4. Goals are hard to come by for the Caps right now. They had seven in an easy win last Thursday over Florida. Since then they have scored just three times in three games. That’s not going to get it done. And so when they feel like they’ve done well to generate chances only to whiff and then see Carolina bang one in off Holtby’s mask at the other end it can get deflating. Troy Brouwer was stopped by Hurricanes goalie Justin Peters on a breakaway and Marcus Johansson missed a golden chance with an open net yawning after a feed from Ovechkin in the first period. Those misses, among a few others, proved costly when a lucky break went the other way.

“Seems like there’s been a lot of those lately,” forward Eric Fehr said. “They’re just tough goals against. We’re squeezing it a bit, having a tough time trying to find a way to score. We’ll take them any way, but we just can’t put it in the net right now.”

Part of that, Fehr explained, was passing up too many open shots. Ovechkin put some of that on the team’s defensemen, who had some room Tuesday, but too often passed up decent opportunities for better ones that never came. The Caps could stand to go to the net harder, too, to take advantage of the bounces they do get. Peters’ rebound control wasn’t great early.

Added Oates: “That’s kind of been our MO the last 10 days or so. We’ve come out very well, we’ve had good first periods, had lots of chances. We haven’t scored. And they do and then we’re fighting an uphill battle. And when you’re struggling in scoring, obviously, that makes it very difficult.”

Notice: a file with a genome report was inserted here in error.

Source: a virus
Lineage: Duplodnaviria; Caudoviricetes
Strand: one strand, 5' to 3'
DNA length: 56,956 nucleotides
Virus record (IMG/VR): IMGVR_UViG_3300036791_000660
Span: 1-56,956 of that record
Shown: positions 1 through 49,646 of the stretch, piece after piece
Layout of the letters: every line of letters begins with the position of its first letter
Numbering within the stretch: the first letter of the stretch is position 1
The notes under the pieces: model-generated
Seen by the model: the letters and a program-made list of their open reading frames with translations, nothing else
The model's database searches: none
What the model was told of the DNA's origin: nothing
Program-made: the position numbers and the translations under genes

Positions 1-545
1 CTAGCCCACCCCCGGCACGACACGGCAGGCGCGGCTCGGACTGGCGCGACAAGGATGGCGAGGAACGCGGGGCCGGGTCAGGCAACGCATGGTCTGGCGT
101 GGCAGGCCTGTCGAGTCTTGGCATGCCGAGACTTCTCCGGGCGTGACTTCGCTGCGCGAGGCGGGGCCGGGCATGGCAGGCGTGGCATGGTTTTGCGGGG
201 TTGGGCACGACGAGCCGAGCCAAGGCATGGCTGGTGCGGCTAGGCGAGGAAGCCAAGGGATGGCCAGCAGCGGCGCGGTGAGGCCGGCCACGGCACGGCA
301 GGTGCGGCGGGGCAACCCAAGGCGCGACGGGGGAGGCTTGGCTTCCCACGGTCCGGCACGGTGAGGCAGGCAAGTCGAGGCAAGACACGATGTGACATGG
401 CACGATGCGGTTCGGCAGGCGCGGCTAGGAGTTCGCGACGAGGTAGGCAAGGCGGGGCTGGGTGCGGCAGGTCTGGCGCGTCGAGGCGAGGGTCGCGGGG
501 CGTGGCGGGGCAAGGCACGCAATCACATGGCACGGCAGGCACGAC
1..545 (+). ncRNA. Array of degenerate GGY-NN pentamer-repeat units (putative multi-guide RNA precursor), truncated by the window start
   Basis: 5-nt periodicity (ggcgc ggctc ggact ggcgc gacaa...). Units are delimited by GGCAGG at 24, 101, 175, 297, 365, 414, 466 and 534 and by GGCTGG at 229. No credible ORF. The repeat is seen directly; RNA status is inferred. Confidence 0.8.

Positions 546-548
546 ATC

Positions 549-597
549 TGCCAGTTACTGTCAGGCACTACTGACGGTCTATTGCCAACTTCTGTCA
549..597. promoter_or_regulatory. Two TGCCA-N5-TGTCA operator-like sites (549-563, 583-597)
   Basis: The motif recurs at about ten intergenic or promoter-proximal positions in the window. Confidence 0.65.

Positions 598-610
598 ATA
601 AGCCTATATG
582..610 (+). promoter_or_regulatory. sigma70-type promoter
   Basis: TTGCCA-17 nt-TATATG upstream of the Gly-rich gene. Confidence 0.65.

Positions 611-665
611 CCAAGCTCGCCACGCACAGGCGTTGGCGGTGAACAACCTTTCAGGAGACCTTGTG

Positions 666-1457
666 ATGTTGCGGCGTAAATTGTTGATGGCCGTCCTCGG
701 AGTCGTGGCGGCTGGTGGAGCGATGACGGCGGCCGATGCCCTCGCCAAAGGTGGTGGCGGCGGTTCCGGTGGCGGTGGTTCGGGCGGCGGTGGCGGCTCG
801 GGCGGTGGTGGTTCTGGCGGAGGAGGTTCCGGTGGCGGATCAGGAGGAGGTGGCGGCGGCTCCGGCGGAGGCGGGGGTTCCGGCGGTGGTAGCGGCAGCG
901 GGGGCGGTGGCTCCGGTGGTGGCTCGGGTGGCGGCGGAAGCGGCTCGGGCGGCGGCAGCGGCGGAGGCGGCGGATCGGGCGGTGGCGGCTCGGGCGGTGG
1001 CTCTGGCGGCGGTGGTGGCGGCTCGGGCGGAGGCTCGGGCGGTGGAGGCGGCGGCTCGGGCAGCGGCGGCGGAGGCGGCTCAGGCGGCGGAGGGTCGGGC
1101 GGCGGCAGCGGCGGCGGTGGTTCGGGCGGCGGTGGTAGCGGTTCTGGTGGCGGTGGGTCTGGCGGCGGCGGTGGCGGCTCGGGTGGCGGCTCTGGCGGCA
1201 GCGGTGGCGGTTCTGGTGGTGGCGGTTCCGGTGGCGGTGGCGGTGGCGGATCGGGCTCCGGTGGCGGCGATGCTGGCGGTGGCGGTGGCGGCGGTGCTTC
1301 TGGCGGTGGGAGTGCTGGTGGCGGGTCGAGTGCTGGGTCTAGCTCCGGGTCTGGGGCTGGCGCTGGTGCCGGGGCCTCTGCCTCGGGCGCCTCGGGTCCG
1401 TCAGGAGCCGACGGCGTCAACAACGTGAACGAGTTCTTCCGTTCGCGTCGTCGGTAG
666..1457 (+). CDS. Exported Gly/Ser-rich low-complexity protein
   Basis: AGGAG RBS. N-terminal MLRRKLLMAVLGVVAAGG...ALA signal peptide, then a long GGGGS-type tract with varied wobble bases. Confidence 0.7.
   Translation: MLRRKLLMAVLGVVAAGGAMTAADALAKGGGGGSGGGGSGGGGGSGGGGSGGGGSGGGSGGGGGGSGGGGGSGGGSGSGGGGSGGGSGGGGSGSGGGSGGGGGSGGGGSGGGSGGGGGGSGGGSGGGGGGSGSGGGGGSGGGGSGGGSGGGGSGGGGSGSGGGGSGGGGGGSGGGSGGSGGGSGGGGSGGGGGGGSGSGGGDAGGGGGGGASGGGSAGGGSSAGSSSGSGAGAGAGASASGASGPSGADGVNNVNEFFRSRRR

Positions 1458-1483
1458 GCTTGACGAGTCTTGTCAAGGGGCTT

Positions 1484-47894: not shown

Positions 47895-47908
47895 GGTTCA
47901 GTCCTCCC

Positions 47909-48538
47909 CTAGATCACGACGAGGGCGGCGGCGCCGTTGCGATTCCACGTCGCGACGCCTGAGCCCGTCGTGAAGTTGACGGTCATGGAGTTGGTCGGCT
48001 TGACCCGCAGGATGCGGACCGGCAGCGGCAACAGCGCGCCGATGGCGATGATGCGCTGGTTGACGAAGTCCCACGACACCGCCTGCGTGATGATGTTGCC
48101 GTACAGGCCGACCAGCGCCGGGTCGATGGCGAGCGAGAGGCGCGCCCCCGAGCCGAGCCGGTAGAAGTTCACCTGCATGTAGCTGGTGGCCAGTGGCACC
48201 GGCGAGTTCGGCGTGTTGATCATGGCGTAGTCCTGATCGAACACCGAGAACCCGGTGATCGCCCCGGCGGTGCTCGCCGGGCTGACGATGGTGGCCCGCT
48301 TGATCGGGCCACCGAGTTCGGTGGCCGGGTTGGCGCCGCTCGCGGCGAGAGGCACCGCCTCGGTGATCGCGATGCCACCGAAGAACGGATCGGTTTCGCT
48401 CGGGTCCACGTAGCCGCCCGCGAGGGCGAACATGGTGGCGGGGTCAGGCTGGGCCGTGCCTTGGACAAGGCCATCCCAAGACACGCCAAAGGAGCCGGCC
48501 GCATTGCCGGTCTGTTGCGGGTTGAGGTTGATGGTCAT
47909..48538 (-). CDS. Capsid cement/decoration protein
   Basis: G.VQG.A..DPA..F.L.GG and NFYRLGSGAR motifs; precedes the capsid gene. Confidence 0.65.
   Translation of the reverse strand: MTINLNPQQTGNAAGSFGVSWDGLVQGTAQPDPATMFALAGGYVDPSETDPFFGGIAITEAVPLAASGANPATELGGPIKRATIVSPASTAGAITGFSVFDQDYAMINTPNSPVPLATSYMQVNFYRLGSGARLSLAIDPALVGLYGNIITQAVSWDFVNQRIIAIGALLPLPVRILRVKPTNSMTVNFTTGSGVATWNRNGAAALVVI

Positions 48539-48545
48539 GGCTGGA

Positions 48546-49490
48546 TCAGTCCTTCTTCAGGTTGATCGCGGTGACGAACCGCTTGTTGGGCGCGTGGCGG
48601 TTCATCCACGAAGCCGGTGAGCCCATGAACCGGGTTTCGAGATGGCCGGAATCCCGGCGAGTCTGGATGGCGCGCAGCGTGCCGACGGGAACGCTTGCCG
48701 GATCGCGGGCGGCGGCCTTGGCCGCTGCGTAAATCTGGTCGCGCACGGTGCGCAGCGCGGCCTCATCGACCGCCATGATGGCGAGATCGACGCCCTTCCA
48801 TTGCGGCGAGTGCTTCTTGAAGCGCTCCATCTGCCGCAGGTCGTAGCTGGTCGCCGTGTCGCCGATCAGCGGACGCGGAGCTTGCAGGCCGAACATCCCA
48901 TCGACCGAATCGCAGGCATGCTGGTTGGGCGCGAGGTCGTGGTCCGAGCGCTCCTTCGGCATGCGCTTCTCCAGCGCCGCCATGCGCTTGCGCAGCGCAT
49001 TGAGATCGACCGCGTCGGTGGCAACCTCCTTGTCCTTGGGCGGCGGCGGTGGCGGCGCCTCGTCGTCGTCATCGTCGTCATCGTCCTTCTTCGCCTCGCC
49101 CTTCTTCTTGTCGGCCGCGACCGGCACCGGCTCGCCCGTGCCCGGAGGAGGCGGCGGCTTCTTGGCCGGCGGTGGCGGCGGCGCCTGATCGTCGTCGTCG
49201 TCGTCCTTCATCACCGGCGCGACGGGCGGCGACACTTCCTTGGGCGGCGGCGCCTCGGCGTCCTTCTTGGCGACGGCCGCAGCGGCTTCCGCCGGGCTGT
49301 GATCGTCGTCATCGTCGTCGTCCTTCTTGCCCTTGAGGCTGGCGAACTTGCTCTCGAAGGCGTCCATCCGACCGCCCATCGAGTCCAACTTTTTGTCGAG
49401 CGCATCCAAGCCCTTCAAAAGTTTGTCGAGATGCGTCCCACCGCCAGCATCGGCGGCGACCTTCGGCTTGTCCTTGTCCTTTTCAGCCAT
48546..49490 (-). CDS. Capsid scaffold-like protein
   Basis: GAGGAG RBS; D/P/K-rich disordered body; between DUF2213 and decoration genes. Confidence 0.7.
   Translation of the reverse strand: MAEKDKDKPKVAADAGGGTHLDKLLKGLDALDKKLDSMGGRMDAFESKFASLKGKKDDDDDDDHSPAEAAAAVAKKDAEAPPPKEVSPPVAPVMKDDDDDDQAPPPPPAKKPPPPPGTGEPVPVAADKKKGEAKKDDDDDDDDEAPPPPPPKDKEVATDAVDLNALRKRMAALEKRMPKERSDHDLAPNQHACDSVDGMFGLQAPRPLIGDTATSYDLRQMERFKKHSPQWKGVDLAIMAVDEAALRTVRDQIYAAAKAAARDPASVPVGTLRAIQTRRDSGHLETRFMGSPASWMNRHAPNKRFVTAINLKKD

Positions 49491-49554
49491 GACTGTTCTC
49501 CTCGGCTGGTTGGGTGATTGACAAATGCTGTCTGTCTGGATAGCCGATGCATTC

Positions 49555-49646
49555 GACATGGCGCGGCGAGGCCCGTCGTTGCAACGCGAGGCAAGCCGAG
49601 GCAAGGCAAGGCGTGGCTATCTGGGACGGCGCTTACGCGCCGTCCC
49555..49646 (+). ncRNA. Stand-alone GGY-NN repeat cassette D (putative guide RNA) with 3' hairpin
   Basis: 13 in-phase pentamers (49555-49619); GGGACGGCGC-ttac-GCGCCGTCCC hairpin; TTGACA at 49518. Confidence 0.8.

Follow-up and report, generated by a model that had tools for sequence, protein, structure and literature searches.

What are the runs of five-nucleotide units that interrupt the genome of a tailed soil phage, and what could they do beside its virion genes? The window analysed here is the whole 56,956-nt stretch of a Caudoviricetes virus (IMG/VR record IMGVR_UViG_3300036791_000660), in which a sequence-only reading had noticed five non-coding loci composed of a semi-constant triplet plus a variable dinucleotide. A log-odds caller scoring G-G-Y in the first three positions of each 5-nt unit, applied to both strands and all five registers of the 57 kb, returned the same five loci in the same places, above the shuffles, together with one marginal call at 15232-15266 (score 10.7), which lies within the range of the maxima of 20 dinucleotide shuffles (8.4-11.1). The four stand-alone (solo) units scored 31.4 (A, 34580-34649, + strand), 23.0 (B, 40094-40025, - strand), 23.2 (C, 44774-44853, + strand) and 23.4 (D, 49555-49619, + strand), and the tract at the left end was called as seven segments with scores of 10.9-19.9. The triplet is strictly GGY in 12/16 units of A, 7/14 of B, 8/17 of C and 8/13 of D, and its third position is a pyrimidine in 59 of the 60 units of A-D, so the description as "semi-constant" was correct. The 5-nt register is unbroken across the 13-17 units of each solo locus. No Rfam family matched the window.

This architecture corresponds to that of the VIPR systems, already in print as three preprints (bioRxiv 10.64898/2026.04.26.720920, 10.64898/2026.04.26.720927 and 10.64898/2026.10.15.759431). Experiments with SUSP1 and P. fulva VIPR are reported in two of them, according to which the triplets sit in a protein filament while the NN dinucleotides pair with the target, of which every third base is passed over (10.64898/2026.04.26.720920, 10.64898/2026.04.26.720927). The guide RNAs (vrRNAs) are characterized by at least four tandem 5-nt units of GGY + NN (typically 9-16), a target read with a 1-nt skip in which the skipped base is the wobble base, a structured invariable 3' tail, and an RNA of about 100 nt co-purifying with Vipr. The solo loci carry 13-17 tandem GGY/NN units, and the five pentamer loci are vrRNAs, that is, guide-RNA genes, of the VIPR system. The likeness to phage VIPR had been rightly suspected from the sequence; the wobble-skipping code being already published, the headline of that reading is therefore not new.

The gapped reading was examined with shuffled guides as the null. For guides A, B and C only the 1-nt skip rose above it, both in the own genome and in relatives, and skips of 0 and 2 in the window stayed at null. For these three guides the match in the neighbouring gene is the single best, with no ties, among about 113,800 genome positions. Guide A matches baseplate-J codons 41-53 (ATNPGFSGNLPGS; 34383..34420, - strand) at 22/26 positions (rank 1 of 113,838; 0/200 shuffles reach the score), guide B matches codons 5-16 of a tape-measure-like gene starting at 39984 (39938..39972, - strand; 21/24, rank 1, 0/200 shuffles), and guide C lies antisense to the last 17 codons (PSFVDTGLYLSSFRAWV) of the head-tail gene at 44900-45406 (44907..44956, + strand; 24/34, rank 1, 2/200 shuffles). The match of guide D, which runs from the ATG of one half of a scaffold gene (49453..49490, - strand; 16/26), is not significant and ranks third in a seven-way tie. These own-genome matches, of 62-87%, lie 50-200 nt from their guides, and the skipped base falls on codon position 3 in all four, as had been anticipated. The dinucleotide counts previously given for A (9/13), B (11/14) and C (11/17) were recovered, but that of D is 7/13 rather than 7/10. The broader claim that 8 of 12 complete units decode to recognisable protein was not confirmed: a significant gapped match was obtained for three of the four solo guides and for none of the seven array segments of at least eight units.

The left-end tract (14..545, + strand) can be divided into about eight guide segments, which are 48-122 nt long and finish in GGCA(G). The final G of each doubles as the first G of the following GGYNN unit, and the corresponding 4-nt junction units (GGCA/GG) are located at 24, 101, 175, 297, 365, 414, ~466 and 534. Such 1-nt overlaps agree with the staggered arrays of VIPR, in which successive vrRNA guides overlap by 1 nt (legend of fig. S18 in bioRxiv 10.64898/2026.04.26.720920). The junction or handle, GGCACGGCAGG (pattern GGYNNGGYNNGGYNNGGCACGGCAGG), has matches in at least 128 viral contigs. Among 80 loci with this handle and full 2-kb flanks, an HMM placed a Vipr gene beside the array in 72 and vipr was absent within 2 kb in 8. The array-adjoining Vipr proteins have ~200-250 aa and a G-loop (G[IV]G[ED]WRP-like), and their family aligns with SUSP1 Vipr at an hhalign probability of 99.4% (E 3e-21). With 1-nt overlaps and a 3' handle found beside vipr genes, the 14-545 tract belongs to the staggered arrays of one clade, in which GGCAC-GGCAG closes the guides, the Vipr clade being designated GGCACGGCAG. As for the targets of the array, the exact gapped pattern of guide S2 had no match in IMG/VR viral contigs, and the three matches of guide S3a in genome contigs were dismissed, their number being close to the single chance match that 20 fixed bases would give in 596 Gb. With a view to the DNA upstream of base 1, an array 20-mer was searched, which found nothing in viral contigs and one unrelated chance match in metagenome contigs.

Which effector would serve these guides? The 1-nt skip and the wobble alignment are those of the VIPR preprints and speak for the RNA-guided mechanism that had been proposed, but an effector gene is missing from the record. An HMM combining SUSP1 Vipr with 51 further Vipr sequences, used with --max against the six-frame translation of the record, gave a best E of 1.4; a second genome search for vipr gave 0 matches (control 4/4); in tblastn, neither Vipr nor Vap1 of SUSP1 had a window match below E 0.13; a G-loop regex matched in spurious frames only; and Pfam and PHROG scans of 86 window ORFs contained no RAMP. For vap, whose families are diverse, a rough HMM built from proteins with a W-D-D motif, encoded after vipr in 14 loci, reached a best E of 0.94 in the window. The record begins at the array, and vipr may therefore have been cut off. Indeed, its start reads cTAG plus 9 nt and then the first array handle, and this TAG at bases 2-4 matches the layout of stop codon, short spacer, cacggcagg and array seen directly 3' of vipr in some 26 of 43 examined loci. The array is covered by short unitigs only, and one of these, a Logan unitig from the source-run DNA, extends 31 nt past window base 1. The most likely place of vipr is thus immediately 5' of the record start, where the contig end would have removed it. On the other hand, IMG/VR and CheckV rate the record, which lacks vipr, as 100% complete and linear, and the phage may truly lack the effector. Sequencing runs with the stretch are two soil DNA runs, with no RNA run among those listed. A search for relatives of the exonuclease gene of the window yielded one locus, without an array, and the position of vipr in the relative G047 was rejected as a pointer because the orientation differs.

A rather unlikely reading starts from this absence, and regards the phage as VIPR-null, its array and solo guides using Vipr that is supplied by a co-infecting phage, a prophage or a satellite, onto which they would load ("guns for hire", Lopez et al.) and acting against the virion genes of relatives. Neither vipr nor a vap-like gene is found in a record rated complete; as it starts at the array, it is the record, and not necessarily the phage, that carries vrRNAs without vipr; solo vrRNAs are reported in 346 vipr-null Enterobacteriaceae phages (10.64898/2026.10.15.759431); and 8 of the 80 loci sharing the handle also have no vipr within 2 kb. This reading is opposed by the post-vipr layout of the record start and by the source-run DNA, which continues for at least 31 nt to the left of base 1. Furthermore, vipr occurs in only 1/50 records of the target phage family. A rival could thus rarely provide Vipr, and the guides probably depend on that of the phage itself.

5. Luck is the residue of design, right? Well, former Washington defenseman Joe Corvo picked an intriguing shot from below the goal line in the first period when he banged a shot right off Holtby’s mask. The puck deflected home for a 1-0 lead. That wasn’t exactly what the Verizon Center crowd wanted to see. Corvo was acquired by the Caps late in the 2009-10 season and had a shaky, short tenure here. The fans in the District don’t usually let him forget it and often apply the “Whoop, whoop” cheer reserved for unpopular ex-Caps. That the assist on the play came from Alex Semin, himself a longtime Washington player with a penchant for angering a portion of the fanbase, didn’t help.

“Caught me off guard. Obviously, I was trying to keep my place on the post and trying to read where he was going to pass it to,” Holtby said of Corvo’s shot. “It was pretty creative on his part, I’ve never seen someone try that.”